By Will Boggs, MD
Published: September 9, 2013

NEW YORK (Reuters Health) Sep 09 – An increasing proportion of head and neck cancers is being treated at teaching hospitals and academic centers – which may be good news for patients, and bad news for the hospitals.

“Higher volume centers end up doing more complex work,” Dr. Eliot Abemayor from David Geffen School of Medicine at UCLA, Los Angeles, California told Reuters Health by email. “Since more specialized centers are doing this work, they cannot be held accountable to having poorer outcomes per se since the patients in general are the sickest and most complex.”

The care of patients with head and neck cancer is labor intensive and expensive, and over the past decade, a greater number of patients seem to be receiving care at teaching hospitals and academic institutions than at local or community-based institutions.

In an effort to document this trend and its implications, Dr. Abemayor and Dr. Neil Bhattacharyya from Brigham and Women’s Hospital in Boston used data from the Nationwide In-patient Sample for the calendar years 2000, 2005, and 2010, which included roughly 29,000, 33,500, and 37,500 inpatient hospital head and neck cancer stays, respectively.

This trend represents an increase of approximately 29% over the three study years, the researchers note.

These data demonstrated a significant increase in the proportion of stays for teaching hospitals, from 61.7% in 2005 to 79.8% in 2010 (p<0.001).

At the same time, the number of admissions to medium- bed-size hospitals for head and neck cancer inpatient stays decreased, although the overall change was not statistically significant.

Although a head and neck patient in 2005 was only 10% more likely to be admitted to a teaching hospital than in 2000, a patient in 2010 was 2.5 times more likely to be admitted to a teaching hospital than in 2000, the research team reported September 5 online in JAMA Otolaryngology Head and Neck Surgery.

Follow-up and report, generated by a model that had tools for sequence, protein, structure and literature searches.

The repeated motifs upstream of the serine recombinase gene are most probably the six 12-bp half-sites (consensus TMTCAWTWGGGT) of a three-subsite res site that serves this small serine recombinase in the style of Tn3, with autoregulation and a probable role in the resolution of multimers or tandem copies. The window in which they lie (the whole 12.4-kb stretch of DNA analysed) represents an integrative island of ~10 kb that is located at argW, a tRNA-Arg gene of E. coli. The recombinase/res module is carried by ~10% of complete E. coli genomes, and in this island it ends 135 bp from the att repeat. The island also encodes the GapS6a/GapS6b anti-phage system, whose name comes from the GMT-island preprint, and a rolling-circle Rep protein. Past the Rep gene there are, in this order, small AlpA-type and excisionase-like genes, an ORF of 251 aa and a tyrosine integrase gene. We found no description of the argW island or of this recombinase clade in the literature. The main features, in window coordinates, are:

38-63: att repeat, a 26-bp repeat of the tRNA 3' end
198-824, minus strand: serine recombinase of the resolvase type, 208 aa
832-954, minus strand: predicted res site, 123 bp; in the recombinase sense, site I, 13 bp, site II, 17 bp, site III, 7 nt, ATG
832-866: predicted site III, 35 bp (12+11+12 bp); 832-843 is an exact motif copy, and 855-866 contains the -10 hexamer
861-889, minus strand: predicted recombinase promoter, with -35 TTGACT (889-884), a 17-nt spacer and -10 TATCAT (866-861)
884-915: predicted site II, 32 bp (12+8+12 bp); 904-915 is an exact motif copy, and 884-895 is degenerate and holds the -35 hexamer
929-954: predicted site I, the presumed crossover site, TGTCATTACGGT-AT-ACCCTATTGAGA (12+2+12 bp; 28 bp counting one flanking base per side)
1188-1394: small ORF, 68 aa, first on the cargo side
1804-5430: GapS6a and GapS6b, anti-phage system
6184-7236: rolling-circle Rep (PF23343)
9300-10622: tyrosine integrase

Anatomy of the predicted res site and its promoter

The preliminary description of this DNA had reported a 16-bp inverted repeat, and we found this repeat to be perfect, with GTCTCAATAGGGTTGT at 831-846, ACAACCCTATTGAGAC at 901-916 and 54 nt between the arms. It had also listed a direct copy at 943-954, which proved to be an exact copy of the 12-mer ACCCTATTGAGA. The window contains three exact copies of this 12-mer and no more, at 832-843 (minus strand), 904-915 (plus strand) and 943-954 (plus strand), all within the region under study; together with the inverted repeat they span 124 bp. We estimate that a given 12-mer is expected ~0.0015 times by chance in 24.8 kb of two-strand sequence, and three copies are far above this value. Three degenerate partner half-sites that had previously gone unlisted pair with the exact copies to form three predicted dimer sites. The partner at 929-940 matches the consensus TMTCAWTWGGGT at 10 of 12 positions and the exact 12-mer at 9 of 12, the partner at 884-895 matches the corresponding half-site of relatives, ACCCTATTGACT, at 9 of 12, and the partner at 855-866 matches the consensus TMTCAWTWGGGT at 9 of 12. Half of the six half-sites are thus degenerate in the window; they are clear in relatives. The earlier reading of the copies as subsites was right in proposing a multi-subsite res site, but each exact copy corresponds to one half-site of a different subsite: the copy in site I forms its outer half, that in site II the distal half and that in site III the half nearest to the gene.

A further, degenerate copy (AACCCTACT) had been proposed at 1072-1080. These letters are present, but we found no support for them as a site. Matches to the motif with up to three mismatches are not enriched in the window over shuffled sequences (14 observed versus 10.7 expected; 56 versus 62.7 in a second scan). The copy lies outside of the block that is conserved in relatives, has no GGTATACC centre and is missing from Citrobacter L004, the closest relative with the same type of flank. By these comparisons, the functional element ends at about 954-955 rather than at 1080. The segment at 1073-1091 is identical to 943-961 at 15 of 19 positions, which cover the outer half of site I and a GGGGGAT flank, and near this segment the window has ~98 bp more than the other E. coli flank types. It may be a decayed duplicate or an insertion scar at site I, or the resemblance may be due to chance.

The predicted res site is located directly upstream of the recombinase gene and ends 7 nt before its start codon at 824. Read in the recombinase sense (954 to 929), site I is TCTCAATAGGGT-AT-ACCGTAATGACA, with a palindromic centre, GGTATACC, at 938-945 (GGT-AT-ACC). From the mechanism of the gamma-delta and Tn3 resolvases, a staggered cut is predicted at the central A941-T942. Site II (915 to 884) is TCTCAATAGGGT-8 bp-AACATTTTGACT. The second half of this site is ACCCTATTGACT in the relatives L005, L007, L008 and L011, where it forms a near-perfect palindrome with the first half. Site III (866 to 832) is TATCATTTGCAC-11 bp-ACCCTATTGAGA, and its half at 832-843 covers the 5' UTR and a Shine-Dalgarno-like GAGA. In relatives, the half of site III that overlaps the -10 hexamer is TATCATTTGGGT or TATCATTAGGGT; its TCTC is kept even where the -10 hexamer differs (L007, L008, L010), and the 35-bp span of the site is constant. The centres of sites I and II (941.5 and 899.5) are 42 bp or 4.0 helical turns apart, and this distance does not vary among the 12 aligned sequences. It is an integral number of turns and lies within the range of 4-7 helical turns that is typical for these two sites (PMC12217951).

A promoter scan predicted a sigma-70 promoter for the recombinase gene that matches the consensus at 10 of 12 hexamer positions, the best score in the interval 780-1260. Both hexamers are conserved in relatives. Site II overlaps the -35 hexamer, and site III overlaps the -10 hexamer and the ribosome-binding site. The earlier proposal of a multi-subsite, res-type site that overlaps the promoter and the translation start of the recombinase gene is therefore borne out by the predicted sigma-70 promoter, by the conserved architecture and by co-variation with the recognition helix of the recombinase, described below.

Medicare or Medicaid covered more than half the patients in both 2000 and 2010, and there was no significant difference in payer mix between teaching and nonteaching hospitals.

“On the positive side, regionalization of head and neck cancer care to teaching institutions is likely to offer significant individual patient and societal benefit, although such benefits will need to be confirmed over time,” the authors say. “The net result of such an increase in volume would be anticipated improved quality and outcomes.”

Because most head and neck cancers will be performed at academic centers (and few elsewhere), goals and objectives of residency training as they pertain to head and neck surgical oncology may need to be revamped, Dr. Abemayor said. Earlier subspecialization may be one approach.

“Irrespective of payer distribution,” the authors conclude, “such intrinsically more expensive care must be part of the discussion between hospitals, health care providers, and payers when bundled payments are made if the fiscal viability of academic institutions is to be maintained.”

As for improving reimbursement for teaching hospitals, Dr. Abemayor said, “The major way is for the teaching hospitals not to be coerced into accepting reimbursement based on formulas that are unrealistic and outcomes driven. If they are doing the majority of cases, frankly, payers have nowhere else to go.”


*This news story was resourced by the Oral Cancer Foundation, and vetted for appropriateness and accuracy.


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